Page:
Yeager: Roger gave me a question and you mentioned it, China is an issue. Is this -- whatever the numbers was 15 or 18 days, 16 of 19 days, however you want to look at this, it's almost a $2 run-up in beans over a 45 day period, almost five weeks. Is this only China? And are they the only ones that can send this down because as you said if the buying would stop? Is this one factor related here than what could send us the other way?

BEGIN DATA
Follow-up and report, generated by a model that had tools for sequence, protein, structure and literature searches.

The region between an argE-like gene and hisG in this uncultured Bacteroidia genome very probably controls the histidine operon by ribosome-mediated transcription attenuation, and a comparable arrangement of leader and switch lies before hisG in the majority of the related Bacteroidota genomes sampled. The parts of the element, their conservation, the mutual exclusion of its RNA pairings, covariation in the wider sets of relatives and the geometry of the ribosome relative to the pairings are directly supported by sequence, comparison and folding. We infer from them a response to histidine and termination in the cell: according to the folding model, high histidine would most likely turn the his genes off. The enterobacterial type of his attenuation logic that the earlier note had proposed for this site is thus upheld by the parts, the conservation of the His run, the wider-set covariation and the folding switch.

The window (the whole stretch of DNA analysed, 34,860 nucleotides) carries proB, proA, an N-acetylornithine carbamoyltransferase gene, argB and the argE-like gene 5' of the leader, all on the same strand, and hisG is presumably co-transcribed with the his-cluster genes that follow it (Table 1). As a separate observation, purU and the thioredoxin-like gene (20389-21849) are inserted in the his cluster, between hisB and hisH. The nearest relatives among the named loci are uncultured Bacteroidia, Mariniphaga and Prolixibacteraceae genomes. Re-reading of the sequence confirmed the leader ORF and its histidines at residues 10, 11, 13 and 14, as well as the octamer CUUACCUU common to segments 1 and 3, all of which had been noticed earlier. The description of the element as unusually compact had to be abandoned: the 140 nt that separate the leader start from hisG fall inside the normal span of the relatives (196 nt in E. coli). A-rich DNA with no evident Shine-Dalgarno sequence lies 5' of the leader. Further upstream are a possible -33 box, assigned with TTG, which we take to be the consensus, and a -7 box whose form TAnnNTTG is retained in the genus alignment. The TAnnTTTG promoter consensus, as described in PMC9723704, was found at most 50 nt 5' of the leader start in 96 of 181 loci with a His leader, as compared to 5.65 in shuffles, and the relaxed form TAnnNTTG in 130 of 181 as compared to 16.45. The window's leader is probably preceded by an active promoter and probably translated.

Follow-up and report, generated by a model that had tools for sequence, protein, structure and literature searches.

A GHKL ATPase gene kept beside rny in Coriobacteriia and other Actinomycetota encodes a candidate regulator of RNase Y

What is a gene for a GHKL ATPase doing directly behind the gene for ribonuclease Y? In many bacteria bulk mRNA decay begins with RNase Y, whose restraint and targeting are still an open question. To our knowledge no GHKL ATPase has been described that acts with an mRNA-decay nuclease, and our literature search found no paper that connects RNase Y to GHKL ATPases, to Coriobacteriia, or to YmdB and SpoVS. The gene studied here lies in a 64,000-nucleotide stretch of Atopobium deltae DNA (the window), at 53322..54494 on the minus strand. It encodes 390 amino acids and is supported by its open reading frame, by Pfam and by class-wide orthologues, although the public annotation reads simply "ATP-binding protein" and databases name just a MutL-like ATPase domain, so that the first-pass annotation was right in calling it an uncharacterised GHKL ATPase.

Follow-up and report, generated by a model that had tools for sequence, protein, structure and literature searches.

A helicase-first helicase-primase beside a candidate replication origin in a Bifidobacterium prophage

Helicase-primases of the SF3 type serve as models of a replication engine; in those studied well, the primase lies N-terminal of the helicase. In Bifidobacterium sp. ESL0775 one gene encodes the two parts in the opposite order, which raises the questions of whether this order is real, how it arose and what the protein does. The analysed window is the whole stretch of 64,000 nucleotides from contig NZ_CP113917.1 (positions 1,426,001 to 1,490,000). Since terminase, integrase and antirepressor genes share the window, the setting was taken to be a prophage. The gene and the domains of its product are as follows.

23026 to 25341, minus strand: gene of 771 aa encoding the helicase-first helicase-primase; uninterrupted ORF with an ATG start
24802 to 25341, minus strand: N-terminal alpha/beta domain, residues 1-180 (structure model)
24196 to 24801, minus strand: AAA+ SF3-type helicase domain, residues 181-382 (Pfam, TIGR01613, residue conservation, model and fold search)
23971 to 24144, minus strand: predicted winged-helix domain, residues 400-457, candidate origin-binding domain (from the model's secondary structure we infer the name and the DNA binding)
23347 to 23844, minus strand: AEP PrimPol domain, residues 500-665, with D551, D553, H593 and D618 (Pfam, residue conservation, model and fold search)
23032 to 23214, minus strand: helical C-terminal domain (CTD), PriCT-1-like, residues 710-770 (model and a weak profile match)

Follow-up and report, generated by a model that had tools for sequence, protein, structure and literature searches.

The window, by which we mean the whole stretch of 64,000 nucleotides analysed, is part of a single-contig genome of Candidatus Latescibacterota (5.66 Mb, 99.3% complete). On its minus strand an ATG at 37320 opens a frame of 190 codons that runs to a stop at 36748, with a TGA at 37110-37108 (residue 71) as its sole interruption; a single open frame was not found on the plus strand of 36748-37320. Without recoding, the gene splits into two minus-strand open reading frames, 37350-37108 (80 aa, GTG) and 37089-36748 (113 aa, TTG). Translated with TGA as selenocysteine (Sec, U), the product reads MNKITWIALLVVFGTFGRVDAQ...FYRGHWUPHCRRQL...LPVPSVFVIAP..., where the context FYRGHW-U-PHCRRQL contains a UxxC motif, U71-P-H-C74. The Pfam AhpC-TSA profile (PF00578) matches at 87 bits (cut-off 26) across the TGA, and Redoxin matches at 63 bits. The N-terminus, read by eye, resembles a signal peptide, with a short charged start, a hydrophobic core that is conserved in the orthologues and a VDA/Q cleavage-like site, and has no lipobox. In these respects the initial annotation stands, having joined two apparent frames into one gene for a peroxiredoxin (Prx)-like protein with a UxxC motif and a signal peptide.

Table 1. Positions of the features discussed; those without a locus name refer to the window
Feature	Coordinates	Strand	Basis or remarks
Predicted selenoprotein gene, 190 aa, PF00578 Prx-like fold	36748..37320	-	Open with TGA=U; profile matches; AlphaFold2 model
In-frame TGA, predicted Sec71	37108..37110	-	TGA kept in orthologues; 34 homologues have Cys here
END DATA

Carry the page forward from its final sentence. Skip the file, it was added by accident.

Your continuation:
Pfitzenmaier: Well, it's the predominant factor, I don't think there's any question about that. You've got the dry weather in parts of Iowa and some places around the country, that's a little bit of a factor. There's a lot of talk that maybe some of this money in the equity markets is rolling into the commodity markets as an inflation hedge because of the Fed's new policy on average 2% inflation. That is probably a bit of a stretch. I think these commodities are probably more driven by their individual fundamentals. I think the inflation thing probably tends to go to crude oil and precious metals and that sort of stuff more than other commodities. Having said that though, beans are something the funds like to trade so that has helped them attract a lot of attention. There's some stuff going around that are supportive of the soybean market no question. I'm not sure any of that compares to the importance of Chinese buying. And that is government buying. That can end, they're out to find stuff for December. You get into January and South American beans start to become available and U.S. beans are higher priced than every other bean in the world now finally. It could come to a screeching halt here at any moment. So you want to be a little careful up at these levels.